Norman MacCaig was influenced by visits to his mother’s family in the Highlands of Scotland, even though he was brought up in Edinburgh. Aunt Julia
Stanza 1 Aunt Julia spoke Gaelic very loud and very fast. I could not answer her — I could not understand her.
Stanza 2 She wore men's boots when she wore any. — I can see her strong foot, stained with peat, paddling with the treadle of the spinning wheel while her right hand drew yarn marvellously out of the air. adverb
Stanza 3 Hers was the only house where I've lain at night in absolute darkness in a box bed, listening to crickets being friendly.
Stanza 4 Metaphors to define her hard life She was buckets and water flouncing into them. She was winds pouring wetly round house-ends. She was brown eggs, black skirts and a keeper of threepennybits in a teapot. Personification to suggest something about her character
Stanza 5 Aunt Julia spoke Gaelic very loud and very fast. By the time I had learned a little, she lay silenced in the absolute black of a sandy grave at Luskentyre. Alliteration
Stanza 5 continued But I hear her still, welcoming me with a seagull's voice across a hundred yards of peatscrapes and lazybeds and getting angry, getting angry with so many questions unanswered.
Key points The poet pays tribute to his aunt who lived a hard life on the island of Harris in the Western Isles of Scotland She had a spinning wheel for producing the famous Harris Tweed The poet uses power of observation to describe her and the settings She spoke Gaelic which he could not understand
Content – 1 st stanza A child’s memory of his aunt– Aunt Julia Main recollection is her language – Gaelic – which he could not understand
Content – 2 nd stanza Describes his aunt and how she seemed strange to him – barefoot, or wearing ‘men’s boots His description gives an insight into her way of life
Content 3 rd stanza He recalls the strange experience of sleeping in a box bed but he feels safe there
Content 4th stanza Vivid images and metaphor capture aspects of her life: carrying buckets of water as there is no running water
Content 5th stanza By the time he learned some Gaelic, it was too late to communicate with his Aunt: she had died He feels frustrated and ‘angry’ that he was too late to get the chance to chat with her and really get to know her She could be angry because she didn’t ever experience a life other than her own and didn’t get to know him either.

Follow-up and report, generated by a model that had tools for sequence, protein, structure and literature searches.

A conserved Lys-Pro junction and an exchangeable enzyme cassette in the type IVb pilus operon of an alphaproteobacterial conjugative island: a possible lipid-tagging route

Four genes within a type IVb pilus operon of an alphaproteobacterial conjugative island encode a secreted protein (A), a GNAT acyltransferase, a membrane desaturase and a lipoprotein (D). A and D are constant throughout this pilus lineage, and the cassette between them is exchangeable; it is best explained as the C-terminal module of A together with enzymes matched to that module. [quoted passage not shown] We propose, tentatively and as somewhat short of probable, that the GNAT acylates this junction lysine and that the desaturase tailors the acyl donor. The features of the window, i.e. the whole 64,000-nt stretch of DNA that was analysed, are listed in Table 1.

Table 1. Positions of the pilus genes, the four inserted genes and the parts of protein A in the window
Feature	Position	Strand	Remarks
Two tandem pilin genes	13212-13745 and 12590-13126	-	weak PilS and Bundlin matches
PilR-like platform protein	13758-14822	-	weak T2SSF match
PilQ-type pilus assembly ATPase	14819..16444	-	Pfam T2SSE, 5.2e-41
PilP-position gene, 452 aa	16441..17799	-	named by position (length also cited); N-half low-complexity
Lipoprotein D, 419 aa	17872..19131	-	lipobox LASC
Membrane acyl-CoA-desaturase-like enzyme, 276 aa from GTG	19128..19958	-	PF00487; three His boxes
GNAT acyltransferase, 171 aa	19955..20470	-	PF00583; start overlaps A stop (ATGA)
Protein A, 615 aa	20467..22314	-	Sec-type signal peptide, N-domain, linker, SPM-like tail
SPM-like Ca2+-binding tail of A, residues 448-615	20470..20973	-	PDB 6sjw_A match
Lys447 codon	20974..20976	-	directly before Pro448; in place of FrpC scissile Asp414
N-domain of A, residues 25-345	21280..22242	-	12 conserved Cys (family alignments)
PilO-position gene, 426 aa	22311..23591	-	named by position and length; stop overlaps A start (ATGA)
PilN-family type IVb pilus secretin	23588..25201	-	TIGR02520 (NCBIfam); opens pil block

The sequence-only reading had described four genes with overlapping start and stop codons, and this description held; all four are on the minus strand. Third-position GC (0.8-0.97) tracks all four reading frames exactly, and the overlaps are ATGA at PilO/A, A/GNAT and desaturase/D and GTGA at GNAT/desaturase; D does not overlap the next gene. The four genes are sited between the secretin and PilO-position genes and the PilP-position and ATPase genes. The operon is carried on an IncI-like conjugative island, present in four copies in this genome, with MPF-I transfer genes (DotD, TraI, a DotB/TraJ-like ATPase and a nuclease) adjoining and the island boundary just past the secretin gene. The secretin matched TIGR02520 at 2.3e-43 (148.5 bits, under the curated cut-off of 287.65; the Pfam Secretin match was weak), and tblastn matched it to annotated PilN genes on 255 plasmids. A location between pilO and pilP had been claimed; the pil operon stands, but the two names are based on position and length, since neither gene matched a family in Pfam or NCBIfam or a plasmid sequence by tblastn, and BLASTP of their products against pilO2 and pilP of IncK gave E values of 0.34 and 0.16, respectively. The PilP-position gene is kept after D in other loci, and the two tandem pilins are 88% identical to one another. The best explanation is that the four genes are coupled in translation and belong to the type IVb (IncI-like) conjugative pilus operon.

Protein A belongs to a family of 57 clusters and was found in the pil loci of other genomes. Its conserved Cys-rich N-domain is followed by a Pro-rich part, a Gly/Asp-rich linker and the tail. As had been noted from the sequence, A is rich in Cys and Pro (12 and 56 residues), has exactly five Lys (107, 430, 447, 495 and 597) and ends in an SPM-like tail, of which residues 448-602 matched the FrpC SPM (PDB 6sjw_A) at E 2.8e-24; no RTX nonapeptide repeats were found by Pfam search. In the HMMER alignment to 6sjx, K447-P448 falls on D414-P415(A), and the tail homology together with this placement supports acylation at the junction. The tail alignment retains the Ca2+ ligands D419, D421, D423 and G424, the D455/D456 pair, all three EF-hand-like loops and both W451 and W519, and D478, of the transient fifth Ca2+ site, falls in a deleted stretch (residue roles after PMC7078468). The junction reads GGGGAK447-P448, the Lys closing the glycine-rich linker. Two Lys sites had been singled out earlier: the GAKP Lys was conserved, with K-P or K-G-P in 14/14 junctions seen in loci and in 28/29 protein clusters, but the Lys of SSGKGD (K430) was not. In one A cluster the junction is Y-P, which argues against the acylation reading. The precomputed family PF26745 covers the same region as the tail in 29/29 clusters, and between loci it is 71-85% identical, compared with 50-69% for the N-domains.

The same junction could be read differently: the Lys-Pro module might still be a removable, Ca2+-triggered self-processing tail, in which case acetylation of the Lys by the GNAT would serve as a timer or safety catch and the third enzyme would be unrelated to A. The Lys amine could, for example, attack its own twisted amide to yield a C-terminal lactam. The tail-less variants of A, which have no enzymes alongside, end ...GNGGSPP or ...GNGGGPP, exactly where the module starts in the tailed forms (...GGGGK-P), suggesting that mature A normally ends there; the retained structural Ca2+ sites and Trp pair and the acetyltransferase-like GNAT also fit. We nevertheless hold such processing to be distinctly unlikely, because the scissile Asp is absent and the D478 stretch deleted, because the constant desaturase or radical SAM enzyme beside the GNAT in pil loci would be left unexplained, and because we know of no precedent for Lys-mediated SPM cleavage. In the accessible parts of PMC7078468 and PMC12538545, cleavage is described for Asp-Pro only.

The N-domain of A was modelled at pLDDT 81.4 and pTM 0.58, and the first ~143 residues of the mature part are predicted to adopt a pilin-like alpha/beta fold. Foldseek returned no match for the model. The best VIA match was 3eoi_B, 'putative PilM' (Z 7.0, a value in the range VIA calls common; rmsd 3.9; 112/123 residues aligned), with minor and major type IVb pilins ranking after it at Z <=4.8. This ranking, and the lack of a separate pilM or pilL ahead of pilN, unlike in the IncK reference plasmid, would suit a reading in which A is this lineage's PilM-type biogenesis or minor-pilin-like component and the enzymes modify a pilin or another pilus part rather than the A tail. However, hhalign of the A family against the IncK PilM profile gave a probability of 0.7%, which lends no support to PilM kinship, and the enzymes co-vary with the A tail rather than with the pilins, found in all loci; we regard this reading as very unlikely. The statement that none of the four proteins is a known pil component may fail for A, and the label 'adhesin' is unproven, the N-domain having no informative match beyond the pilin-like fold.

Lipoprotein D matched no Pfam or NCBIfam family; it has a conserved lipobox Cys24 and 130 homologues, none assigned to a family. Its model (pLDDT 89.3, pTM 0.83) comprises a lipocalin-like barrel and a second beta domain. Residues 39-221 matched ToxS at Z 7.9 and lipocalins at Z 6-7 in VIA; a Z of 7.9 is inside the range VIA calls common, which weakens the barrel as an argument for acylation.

Tone and language Some language is plain and factual – The two opening lines – Metaphors define her hard life – ‘She was buckets’ Personification is used to suggest something about Aunt Julia’s character – ‘flouncing’
Tone and language Her ‘seagull’s voice’ is a metaphor to describe her loud, incomprehensible voice! Scottish dialect is used in the poem – ‘lazybeds’
Tone and language The repetition of ‘getting angry’ emphasises his frustration at never having talked to her Dark images are used throughout the poem to illustrate how basic and bleak things were on the remote island – ‘stained with peat’ ‘absolute darkness’ ‘black skirts’ ‘absolute black Her loud, fast Gaelic voice is the most memorable thing about her; when she is dead she is ‘silenced’
Other culture Most obviously the Gaelic language – it seems alien as it could not be understood Description of features of the landscape The spinning wheel used for generations to make Harris tweed The traditional box bed The use of an actual place name: Luskentyre
WRITTEN TASKS Try your best to work through the eight questions about, ‘Aunt Julia’. Make your answers and detailed and as mature as possible. Use your notes and use the words metaphors and personification! Imagine that you are the young narrator laying in your box bed listening to the friendly crickets, writing a diary entry about your visit to see Aunt Julia.
Extension Task If you have time, why don’t you try to draw Aunt Julia, and illustrate some of the metaphors around her to show your understanding.